The annual World Village Festival (Maailmaa kylässä) had been planned for the last week and due to youknowwhat has been cancelled. Well, in the light of the Black Lives Matter protests I here, under the veil of the internet, admit here that I have always been slightly sceptical towards the mission of the festival. What or whom does it want to present, and more importantly, why and how?
Originally the goal was to present civil society actors, but it has since grown into a festival for, well, anyone who is interested in anything society-related and freebies. There is a particular geo-cultural theme every year, it draws attention to global issues, but it does that using Finland-based participants, organisations, experts, minorities. It is multicultural, but it is also very Finnish in doing so. It draws attention to the difference, it exoticises (autocorrect suggested eroticies) immigrants’ cultures in Finland and overshadows their endeavour to be accepted into the society and treated as its part.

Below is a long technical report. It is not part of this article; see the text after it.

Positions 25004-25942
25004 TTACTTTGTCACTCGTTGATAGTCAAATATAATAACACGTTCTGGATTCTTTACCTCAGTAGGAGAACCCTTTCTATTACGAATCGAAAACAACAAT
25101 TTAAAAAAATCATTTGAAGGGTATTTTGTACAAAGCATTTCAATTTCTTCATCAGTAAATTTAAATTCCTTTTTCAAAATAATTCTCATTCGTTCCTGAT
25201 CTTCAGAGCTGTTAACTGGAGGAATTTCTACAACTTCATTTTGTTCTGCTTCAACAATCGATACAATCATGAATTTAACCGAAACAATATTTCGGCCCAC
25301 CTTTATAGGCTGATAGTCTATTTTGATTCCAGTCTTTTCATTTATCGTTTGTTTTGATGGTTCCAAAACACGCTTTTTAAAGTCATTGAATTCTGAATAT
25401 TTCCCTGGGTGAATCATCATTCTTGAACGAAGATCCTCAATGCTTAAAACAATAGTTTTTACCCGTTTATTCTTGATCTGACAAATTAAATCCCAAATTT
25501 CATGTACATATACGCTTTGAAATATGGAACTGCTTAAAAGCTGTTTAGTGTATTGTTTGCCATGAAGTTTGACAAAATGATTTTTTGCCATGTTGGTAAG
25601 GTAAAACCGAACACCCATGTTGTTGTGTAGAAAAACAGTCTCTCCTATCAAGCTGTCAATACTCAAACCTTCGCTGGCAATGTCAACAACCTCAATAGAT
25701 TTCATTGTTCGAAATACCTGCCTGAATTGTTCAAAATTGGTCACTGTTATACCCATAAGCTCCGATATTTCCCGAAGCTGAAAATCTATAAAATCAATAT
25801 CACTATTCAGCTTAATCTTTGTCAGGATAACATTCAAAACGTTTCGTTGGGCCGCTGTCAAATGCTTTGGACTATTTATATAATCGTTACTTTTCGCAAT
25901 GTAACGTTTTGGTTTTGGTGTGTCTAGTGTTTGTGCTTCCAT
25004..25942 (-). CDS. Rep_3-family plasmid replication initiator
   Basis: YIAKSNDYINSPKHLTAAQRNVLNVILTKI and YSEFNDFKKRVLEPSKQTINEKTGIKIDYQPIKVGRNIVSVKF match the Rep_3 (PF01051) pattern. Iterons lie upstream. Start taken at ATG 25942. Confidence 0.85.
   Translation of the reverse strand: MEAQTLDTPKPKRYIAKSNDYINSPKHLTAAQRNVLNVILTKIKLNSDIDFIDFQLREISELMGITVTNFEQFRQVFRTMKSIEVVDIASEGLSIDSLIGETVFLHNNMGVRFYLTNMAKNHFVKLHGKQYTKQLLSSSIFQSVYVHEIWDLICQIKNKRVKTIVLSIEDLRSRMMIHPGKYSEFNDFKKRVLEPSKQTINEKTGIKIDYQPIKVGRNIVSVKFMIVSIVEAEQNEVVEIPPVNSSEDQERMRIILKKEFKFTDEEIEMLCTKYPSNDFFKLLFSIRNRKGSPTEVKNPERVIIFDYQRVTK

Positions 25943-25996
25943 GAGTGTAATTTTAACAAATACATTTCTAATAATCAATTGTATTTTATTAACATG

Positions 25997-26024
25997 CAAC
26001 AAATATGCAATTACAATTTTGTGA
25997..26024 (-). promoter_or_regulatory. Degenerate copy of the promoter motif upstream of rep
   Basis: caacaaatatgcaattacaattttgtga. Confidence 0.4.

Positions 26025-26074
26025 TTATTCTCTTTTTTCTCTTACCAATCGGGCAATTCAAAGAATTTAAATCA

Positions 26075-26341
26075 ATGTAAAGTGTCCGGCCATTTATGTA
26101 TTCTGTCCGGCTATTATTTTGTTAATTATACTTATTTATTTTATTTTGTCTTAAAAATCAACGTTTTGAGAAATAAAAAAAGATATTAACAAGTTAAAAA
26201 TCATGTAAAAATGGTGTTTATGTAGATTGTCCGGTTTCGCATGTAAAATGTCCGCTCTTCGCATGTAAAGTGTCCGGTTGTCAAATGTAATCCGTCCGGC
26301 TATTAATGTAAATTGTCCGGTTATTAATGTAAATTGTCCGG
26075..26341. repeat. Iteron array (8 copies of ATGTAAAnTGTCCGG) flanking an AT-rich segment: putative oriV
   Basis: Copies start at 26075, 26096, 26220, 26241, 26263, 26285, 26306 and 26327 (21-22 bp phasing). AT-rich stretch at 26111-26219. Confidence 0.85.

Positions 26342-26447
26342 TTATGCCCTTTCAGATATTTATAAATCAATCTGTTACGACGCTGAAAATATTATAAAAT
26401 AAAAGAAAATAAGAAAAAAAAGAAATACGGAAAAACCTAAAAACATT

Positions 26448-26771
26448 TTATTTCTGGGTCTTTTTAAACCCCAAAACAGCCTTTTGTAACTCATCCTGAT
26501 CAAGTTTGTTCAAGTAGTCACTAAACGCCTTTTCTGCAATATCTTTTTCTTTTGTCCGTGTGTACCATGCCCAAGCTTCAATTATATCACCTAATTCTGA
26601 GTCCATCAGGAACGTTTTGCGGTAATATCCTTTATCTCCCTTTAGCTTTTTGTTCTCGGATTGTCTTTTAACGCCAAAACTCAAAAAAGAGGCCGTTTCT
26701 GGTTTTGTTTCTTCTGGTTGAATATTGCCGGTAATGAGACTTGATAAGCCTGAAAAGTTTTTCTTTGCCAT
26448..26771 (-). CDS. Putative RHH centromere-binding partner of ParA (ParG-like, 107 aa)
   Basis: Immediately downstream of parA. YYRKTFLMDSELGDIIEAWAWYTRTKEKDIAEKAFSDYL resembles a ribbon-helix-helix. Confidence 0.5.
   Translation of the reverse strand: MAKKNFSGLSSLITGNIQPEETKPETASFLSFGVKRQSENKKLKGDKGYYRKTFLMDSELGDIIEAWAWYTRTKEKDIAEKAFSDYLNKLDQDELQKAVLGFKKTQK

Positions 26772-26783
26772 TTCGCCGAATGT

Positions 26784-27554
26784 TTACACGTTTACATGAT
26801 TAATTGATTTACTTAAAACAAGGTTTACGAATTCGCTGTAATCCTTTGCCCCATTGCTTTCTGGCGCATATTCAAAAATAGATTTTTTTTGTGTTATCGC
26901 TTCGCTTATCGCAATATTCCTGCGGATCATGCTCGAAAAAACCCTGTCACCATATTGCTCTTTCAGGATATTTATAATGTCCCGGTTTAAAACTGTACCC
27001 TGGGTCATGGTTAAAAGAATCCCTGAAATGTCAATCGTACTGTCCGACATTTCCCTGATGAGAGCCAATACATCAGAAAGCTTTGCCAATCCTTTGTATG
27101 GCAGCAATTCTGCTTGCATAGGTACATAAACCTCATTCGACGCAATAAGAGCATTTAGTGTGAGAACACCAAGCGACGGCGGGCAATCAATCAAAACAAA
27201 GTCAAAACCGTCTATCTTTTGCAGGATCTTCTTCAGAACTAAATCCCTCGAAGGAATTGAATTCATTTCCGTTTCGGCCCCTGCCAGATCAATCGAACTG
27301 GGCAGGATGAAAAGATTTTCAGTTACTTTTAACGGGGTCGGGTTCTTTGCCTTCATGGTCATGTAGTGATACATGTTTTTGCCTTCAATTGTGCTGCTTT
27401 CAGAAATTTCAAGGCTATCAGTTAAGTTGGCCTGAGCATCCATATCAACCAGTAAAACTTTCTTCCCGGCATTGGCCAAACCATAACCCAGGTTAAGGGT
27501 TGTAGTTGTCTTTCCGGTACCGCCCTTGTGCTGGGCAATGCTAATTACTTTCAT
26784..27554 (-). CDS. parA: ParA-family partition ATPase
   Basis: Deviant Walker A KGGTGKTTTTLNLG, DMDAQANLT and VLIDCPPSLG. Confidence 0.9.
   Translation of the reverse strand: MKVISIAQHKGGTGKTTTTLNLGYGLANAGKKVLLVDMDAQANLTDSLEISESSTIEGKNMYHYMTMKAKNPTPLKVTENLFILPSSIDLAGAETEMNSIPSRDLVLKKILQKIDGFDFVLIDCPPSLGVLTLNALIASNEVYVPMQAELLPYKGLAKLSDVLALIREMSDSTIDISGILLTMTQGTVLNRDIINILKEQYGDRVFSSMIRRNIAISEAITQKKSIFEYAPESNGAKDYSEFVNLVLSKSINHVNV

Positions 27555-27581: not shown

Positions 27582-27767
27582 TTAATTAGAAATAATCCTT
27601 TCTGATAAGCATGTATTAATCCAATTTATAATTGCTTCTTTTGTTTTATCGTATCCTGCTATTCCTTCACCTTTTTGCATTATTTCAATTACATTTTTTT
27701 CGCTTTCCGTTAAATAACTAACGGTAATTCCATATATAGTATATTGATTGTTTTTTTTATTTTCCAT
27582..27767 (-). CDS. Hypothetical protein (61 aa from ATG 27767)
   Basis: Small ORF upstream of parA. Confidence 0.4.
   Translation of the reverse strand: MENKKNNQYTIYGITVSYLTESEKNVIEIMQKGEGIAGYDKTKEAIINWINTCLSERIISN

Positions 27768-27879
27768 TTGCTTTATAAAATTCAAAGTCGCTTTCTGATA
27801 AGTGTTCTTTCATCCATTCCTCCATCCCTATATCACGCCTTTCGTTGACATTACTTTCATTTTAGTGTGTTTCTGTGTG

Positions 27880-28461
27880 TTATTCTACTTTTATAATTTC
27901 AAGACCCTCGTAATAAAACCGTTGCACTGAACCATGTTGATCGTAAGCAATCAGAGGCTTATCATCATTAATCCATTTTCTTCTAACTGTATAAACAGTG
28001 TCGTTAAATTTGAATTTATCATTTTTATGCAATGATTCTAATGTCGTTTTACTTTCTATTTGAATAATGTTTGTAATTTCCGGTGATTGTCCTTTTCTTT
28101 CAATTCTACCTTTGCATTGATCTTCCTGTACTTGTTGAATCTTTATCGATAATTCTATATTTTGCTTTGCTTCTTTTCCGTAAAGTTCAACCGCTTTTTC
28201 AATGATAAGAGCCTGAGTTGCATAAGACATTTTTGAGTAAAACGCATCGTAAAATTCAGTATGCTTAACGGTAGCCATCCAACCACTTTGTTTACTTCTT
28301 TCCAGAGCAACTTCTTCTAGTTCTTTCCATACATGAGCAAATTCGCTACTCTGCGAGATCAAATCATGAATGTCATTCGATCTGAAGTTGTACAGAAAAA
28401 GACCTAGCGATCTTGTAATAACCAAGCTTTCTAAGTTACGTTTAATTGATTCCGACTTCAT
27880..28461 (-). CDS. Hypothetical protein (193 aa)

I’m afraid that (not) attending this festival has become one of those markers that divide the society into tolerant and multicultural and -conscious and the rest. And you do not want to be the rest. It is a low-threshold large event for anyone who is not racist and who is positive towards sustainable material and cultural practice (basically, pretty much anyone). Attendance at the festival is performing a cultural role, presenting your NGO labels you as open and receptive without actually needing to do anything in these matters. That’s why organisations that are not known for being culturally or otherwise aware attend and try toimprove the public image.
Don’t get me wrong, the festival is great fun to attend, but it is an experience that should be treated with a pinch of salt. The way I use it is that I collect the festival guide with the list of participants (and put it into use in fact!), get some good “ethnic” food, pick-up freebies and greet friends. The rest I’m a bit careful about. Having said that, I don’t have an answer ready on how to get the general public interested in global issues, but I don’t think that having local Somali association, crafted handbag vendor, Perussuomalaiset, soy milk producer, African dance workshop and serious expert talks under one (open) roof.
The festival has grown so much as it has outgrown us. And for me, Black Lives have always Mattered.